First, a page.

The Secret Wars of Ants

Humans have a lot to learn.

Ants might seem like cute, fragile little insects who occasionally run over your toes, but did you know that ants actually have been in the midst of a massive and extremely complex series of wars for tens of millions of years?

Ants were around before any of us, before even the breakup of the supercontinent Gondwana over a hundred million years ago. Because they're so fascinating and complex, ant wars are mentioned everywhere from the Bible to Charles Darwin.

Why are ants always fighting? Ants operate in colonies, and when these colonies encounter other colonies, this can lead to wars of stunning proportion, requiring military maneuvers of the highest caliber and risks of the ultimate nature.

Ant Battles: Tournaments, Naval Technology, and Chemical Warfare

Ants are fearsome warriors and very hungry animals. They feast on termites, so if two colonies encounter the same termite, that means trouble. They often attempt to avoid full-on war, though. Sometimes, rival teams will face off at tournament sites where the largest, toughest workers from each colony do battle. In that case, once one group is defeated, the whole colony rushes away, and the luscious termite reward goes to the winning team.

Some individual ant fighters use their mouths as weapons. The trap-jaw ant can snap its mouth open and closed more than 2,300 times faster than a blink of an eye. This species of ant can also use its huge jaw as a catapult to fling itself away from danger.

Ants are formidable foes. Fire ants can create rafts to float on flood waters; leaf cutter ants can carry leaves that are fifty times their body weight; Canadian ants produce anti-freeze to survive frigid temperatures and Sahara desert ants can survive 60 degree Celsius weather. Arguably the toughest battle ant is the red imported fire ant, which is well-known for its burning sting.

Africa's big-headed ants have another tactic: During battle, they transfer a chemical compound to their foes which changes their enemies' appearance, meaning that when they return home, they are not recognized and are killed as intruders. The Texan raspberry crazy ant can spray acid at any threats, a tactic they've lately been using to terrorize the crabs of Christmas Island.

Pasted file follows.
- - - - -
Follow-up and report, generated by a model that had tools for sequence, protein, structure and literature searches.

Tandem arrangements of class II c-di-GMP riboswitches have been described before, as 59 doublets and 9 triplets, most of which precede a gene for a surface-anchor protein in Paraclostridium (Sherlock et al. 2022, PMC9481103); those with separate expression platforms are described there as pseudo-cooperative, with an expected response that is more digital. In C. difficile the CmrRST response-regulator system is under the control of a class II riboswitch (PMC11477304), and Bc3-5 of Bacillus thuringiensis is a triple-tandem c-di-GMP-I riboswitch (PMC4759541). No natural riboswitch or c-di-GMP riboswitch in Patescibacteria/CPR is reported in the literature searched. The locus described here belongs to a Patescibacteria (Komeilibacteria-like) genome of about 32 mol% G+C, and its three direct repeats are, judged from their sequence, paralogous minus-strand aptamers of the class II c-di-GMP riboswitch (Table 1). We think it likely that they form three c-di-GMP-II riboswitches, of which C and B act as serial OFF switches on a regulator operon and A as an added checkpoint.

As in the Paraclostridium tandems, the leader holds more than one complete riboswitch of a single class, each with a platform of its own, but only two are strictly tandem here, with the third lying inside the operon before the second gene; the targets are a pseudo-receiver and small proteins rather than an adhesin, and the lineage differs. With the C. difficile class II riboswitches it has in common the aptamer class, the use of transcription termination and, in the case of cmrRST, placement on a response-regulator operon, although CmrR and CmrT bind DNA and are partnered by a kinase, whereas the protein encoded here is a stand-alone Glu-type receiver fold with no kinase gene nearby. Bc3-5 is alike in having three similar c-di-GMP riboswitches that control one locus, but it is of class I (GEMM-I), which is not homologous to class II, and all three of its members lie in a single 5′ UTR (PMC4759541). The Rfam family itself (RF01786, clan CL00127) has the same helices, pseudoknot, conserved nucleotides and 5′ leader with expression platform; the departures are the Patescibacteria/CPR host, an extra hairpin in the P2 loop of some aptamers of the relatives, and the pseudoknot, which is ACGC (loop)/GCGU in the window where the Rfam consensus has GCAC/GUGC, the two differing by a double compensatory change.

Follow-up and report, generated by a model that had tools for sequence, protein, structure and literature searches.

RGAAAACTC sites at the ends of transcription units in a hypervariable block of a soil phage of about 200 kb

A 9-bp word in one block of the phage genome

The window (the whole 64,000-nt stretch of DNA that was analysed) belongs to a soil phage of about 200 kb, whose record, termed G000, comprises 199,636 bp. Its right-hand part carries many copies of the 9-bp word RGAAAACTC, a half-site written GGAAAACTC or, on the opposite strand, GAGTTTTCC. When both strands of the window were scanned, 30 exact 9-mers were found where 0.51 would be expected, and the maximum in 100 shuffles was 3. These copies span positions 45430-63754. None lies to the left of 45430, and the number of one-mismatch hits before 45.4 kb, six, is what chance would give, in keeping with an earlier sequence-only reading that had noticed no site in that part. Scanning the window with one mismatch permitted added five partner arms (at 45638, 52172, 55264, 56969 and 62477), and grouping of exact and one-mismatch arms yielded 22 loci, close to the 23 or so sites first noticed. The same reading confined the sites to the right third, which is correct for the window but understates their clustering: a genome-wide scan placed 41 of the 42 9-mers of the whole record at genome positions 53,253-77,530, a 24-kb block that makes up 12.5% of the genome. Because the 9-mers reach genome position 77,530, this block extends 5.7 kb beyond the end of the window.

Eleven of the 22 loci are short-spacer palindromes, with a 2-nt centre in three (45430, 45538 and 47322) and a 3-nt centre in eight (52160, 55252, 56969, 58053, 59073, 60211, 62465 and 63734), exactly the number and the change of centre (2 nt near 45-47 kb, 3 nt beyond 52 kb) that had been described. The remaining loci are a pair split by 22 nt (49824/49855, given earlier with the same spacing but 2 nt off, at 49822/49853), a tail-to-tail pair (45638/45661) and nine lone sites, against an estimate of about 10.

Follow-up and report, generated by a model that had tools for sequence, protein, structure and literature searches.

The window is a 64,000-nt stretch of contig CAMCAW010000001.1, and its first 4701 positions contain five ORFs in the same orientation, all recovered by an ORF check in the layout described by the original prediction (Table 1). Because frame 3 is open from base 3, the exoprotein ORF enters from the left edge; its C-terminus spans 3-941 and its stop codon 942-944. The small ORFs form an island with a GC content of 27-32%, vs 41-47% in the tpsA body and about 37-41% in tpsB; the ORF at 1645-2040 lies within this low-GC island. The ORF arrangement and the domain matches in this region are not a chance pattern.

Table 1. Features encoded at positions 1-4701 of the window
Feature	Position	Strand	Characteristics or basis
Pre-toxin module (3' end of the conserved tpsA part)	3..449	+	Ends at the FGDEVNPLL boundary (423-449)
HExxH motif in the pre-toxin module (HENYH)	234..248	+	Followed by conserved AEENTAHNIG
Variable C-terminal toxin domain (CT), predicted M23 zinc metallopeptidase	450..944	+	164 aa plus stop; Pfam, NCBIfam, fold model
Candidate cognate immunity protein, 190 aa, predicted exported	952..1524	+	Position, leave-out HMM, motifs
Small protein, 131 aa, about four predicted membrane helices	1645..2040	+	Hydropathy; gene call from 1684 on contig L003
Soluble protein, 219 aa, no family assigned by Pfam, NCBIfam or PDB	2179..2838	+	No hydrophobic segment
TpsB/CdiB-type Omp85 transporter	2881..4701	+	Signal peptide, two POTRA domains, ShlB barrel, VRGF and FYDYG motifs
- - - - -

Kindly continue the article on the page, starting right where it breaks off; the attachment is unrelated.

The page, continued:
Some ants have also avoided total war by using pebbles to block their entrances and, for a certain Borneo ant species, fending off assailants with toxic yellow glue from internal glands. Human military technology could never.

National Geographic - Army Ants - BBC Wildlife Documentary www.youtube.com

Military Tactics: Hostages, Healers, and the Element of Surprise

Sometimes full-on war is inevitable. Every massive ant battle looks different, but the bloodiest battles happen when one colony decides to raid another. Some ant wars are huge, swirling confrontations; others happen in waves. Sometimes they end in truces, and sometimes the colonies merge.

Different types of ants use different battle tactics to win. For example, army ants—of which more than 130 species have been discovered in the Americas alone—operate like Roman armies, using one united front to surge forward, depending entirely on the element of surprise. Sometimes the waves of these ant battalions can stretch up to 100 feet wide.

Like human armies in World War I, ant armies often place their smallest, weakest, most disposable members on the front lines. After the expendable soldiers have swarmed the enemy, the advanced fighters come in for the kill.

The Amazon ant specializes in stealing hostages from enemy ant tribes, then forcing the kidnapped ants into servitude in their ant kingdom. Ants also tend to use a tactic sometimes known as hive mind. Though the ants don't give or take orders from anyone, when a decision is made or new information appears, it can spread via chemical signals throughout the entire colony in seconds, a phenomenon that has fascinated scientists and algorithm-makers.

Another human-like tactic that ants use: All ant armies have medics that carry wounded soldiers off the field and cart them all the way home. Yes, there are ant medics, and they actually save lives. Ants treat each others' war wounds, cleaning them to stop infections, which can save up to 80% of injured ants from death.

By the way, ants are blind and don't have ears, so they do all this through feeling and smell.

Invasive Species

Ants have always been warlike species, but the presence of humans has brought invasive species all around the world, throwing a wrench in the normal way of ant society and sparking some of the largest ant wars of all time.

Today, in California, invasive Argentine ants and native fire ants are doing battle. Argentine ants also face challenges from yet another invasive species, Asian needle ants, whom they are fighting in another all-out war. Argentine ants are a unique case; they've managed to spread all around the world, yet their own civilizations are almost always peaceful. It's only when another challenger comes along that things get ugly.

Many of the invasive ant species that humans have spread around the world are incredibly resilient and adapt easily to new lands. This means that they're often formidable opponents to the species already living in their new homes.

Invasive ant species can also wage war on humans, leading to crop disease, infesting food, and in some cases (as with the invasive yellow crazy ants in Australia), blinding humans and animals.

So whatever you do, don't underestimate the next anthill you stumble upon. You might just find yourself in an all-out war.

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